The only sure thing in voting for the Heisman Trophy is that all but one player’s “camp” is going to think you’re a blithering idiot.
You accept that and, to a large extent, ignore it.
You research the top players, track their progress and crunch a lot of numbers, from yardage and touchdown totals to completion percentages and average yards per carry.
Sometimes lost in the process is the most important statistic of all: wins.
That is, does a candidate help his team compete and contend for championships, or does he win, no matter the opponent and/or his personal stat line?
You may have guessed where this is headed.
In a season with no clear-cut favorite, yet several worthy candidates, it is reasonable to ask yourself: What separates Mark Ingram from Toby Gerhart or Ndamukong Suh or Tim Tebow … or Colt McCoy from all of them?
McCoy, the Texas senior, has won more games as a starting quarterback than anyone in NCAA history. His record total of 45 includes 13 this year.
So while you can wring your hands over McCoy’s clunker in last week’s Big 12 Conference title game — 182 yards passing, no touchdowns and three interceptions in a 13-12 squeaker over Nebraska — the bottom line is unchanged.
Texas won, again, and will play in the BCS Championship Game on Jan. 7.
Much like pitchers in baseball or goaltenders in hockey, quarterbacks are judged foremost on wins and losses. McCoy stands tall in that regard, and while his other numbers may not wow you, or even be as good as last year, there is something to be said for the ultimate winner having a trophy in his hands Saturday night in New York.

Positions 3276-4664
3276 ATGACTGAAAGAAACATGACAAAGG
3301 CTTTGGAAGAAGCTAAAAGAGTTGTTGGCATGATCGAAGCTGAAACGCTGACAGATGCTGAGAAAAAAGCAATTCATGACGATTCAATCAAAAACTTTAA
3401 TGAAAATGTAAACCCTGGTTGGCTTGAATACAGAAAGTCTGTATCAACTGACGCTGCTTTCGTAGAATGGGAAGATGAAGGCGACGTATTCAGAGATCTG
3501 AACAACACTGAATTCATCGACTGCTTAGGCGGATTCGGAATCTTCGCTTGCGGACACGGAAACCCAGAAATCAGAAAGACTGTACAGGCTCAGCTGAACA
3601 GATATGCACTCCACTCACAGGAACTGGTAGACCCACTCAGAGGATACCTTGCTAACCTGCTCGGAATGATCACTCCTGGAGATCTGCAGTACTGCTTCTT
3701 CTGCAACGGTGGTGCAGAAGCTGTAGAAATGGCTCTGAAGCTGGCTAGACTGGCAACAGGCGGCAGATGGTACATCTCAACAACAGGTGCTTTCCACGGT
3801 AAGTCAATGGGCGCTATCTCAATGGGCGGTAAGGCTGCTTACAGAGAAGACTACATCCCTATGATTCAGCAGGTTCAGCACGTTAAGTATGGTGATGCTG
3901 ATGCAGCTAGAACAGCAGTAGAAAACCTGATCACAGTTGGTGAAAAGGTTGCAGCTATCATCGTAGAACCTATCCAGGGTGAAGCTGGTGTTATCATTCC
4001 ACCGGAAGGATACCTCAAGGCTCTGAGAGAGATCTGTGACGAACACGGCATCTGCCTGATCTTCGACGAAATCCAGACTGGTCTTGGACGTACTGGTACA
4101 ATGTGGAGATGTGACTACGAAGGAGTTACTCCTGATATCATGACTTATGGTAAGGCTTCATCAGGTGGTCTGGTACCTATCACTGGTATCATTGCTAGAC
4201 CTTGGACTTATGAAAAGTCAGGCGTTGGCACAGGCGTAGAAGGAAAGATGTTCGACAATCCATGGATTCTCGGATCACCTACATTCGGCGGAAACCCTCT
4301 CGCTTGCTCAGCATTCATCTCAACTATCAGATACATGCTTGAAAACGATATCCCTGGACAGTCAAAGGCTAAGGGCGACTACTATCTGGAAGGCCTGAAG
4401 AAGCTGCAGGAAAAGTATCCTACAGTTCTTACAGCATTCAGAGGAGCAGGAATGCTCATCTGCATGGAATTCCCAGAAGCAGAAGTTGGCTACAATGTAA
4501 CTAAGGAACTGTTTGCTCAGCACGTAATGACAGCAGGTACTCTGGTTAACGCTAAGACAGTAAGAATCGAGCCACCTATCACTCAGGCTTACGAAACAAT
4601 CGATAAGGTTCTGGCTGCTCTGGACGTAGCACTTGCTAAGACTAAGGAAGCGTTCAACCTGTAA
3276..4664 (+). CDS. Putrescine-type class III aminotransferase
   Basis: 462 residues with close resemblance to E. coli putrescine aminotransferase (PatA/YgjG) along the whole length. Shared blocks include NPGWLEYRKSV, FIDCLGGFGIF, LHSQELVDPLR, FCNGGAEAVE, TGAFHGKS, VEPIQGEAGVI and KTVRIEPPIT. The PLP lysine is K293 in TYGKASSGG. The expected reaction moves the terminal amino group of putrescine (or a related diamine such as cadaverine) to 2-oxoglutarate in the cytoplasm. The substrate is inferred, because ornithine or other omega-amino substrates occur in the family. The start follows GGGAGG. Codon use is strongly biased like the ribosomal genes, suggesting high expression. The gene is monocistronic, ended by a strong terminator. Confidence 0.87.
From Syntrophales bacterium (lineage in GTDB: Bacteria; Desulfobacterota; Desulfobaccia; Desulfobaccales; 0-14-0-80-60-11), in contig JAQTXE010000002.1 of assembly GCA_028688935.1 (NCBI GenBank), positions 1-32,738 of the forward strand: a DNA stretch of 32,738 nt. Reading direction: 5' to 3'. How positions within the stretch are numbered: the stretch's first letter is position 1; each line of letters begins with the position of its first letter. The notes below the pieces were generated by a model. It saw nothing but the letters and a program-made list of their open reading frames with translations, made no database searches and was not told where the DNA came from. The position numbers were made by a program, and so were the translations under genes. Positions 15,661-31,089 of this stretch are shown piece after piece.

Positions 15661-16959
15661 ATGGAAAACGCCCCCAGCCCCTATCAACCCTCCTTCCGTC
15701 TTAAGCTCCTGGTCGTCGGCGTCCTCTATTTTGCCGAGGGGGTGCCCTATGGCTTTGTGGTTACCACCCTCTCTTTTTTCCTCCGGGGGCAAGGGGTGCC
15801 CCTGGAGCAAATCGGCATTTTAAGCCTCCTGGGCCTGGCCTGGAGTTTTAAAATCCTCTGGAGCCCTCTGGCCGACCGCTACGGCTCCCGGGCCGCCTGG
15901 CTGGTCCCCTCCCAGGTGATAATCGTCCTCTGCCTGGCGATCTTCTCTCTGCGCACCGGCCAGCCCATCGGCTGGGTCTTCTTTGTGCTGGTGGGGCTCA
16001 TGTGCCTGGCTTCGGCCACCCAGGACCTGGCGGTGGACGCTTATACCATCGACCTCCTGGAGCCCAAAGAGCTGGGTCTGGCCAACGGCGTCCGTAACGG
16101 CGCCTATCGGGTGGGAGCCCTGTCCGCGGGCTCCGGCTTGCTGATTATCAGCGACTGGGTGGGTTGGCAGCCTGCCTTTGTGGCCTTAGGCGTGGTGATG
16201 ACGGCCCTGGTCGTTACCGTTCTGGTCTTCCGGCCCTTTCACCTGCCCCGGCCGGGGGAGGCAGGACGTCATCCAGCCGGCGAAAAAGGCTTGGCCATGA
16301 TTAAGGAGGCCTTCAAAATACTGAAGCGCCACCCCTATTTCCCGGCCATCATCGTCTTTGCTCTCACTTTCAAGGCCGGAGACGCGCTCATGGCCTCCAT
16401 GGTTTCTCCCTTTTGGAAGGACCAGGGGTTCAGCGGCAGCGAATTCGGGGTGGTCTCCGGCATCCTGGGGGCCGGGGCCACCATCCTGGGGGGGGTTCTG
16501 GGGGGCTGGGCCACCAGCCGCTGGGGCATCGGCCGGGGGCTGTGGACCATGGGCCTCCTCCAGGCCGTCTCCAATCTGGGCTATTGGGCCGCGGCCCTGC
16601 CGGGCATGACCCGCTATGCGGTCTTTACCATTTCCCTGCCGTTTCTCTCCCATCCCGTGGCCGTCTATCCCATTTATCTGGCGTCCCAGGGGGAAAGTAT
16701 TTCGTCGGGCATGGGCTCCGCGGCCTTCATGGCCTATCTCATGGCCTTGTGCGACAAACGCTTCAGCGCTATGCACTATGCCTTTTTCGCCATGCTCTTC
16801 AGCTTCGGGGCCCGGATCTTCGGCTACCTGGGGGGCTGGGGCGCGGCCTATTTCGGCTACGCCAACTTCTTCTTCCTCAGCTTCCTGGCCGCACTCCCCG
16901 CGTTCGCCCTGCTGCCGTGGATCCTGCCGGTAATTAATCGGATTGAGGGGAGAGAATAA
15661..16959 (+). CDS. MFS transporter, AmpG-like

He was No. 1 on this ballot, with Ingram, Alabama’s sophomore running back, No. 2 and Gerhart, Stanford’s senior running back, No. 3.
Yes, Alabama also is 13-0 and could well beat Texas in the BCS title game. And yes, Ingram has been terrific with 1,542 rushing yards and 15 TDs to go with 30 receptions for 322 yards and three scores.
Similarly, Gerhart has been superb with 1,736 yards rushing and 26 touchdowns for 8-4 Stanford.
That said, neither of them handles the ball on every offensive snap. McCoy does.
He has to prepare diligently, study defenses, change plays at the line of scrimmage, make quick decisions under fire and be the heart, soul and unquestioned leader of his offense.
Tebow, the 2007 Heisman winner, knows what that’s like, but while he had a fine season, his team is 12-1 and out of the national title picture.
McCoy will take 3,512 passing yards, 27 touchdowns and 12 interceptions into the championship game. He has a 70.5 percent completion rate and also is the Longhorns’ No. 2 rusher (348 yards, 3 TDs).
If you scoff at those numbers, you’re not alone. Critics point to them and to McCoy’s rough night against Suh and Nebraska and disqualify him.
They forget that on Thanksgiving night, in a heated rivalry game on the road, he hoisted the Longhorns on his shoulders and refused to let them lose.
McCoy threw for 304 yards and four touchdowns and ran for 175 yards and a TD in the 49-39 victory at Texas A&M. Granted, he did it against a suspect defense, but had he not been at his best, Texas’ national championship dream would have died on that raucous night in College Station.
Many of us believed McCoy should have won the Heisman last year, when he was runner-up to Oklahoma quarterback Sam Bradford. That should have no bearing this season, but perhaps in the back of the mind, it does.
What is certain is if you prefer the big picture, and put a premium on winning, McCoy is your guy. If you don’t, you think I’m a blithering idiot.
Get in line.